They set up a cake on the table — baked by one of finest bakers in town and handcrafted to remind me of my happiest day from earlier this year. But the cake failed to grab my attention which instead decided to fixate on the thing kept right beside — a shot glass holding 60ml of a cola-coloured liquid. It was gazing at me with utmost composure, as I looked back with hesitation and doubt. The cheer in the background was growing louder — “a speech and then shoot!”.
I shook my head in protest, but they wouldn’t relent. There was a loud cheer as I gulped down the half-filled beer bottle I was holding. And immediately the focus shifted back to the shot glass. Their chant was unanimous. I could feel my heart sink as I raised it and held it close to my nose in an attempt to gauge its potency.
“Speech and shoot!”
The smell was pleasant, like an Ayurvedic medicine made from herbs and spices. It didn’t help though. I remained tense. Several loose thoughts ran through my head, but I failed to converge them into a speech. It came out as a spiritless thank you. At that moment one of them darted into the kitchen and brought out a second shot, for reasons best known to him, completely oblivious to my reluctance. Now there were two shots of potent liquor intensely staring at me.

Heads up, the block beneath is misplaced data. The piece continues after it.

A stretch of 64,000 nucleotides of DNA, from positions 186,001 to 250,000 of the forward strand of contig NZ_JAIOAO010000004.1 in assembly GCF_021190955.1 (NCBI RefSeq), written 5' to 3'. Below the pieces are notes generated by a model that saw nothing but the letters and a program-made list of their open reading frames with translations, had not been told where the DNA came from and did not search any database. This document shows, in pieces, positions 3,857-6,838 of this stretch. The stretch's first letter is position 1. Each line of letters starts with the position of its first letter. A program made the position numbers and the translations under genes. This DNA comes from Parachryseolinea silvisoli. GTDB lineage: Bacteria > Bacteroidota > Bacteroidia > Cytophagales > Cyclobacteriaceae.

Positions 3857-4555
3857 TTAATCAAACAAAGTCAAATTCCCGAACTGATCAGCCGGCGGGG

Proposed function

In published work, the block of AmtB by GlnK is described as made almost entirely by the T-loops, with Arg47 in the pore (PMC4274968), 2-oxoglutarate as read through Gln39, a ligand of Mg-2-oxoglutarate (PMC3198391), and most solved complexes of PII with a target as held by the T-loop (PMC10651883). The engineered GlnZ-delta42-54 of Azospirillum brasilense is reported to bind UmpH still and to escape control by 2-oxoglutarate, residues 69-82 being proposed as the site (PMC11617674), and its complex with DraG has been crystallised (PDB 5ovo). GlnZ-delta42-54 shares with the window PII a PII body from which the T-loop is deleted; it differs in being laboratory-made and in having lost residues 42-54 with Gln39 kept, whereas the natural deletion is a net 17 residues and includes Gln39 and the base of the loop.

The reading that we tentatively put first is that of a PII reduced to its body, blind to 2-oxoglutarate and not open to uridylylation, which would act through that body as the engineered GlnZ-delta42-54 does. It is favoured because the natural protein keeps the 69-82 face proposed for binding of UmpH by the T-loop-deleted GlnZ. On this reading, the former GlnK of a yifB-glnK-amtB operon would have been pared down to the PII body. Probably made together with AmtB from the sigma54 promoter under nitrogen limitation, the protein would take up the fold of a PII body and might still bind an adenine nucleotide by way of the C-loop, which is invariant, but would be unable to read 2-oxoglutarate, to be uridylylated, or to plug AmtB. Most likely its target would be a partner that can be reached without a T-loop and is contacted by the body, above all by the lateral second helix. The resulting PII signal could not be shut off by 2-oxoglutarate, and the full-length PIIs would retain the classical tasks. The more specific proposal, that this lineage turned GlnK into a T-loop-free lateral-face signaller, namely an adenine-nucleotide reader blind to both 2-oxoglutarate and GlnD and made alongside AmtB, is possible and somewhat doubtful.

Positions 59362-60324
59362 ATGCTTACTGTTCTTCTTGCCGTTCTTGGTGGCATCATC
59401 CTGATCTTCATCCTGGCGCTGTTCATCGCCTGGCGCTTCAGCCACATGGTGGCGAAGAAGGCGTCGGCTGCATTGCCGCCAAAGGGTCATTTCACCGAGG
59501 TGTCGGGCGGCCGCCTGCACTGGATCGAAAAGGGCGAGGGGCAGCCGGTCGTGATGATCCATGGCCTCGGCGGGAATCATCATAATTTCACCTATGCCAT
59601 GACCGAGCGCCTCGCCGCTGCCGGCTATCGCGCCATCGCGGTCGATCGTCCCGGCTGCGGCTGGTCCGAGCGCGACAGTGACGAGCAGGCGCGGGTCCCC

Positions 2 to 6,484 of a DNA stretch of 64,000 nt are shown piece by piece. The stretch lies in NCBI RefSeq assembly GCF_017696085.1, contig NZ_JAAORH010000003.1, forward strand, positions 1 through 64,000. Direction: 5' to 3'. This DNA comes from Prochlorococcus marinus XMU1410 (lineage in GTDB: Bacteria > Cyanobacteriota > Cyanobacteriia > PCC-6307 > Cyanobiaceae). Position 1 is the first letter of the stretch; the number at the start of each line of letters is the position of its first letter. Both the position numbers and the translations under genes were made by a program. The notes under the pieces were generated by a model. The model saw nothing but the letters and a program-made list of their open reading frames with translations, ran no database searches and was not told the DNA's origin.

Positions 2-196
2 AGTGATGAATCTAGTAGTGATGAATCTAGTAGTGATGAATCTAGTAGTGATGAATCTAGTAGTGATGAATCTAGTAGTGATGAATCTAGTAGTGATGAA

I’ve escaped similar demands all my life — through four years at a hostel, a year and half working at a corporate and nearly four years of running a business — and I could’ve avoided it again. Only this time a hard-headed refusal would’ve unturned every effort I had made to put together a memorable shindig. A rejection would’ve been the most prominent memory they’d have carried back home.
“Shoot! Shoot! Shoot!”
And I did. The liquor gushed through my gastrointestinal tract leaving behind a warm soothing sensation. It didn’t burn. It felt good. They all charged up. The celebrations continued.
Hours later it was time to hit the bed. Everyone had fun. Everything went well. But yet, as I laid back, I was upset. And I knew exactly why. It was the feeling of compromising on a principle that I had proudly lived by all my life. It was the pain of succumbing to peer pressure.
Now it’s history. The kind I wish never repeats itself.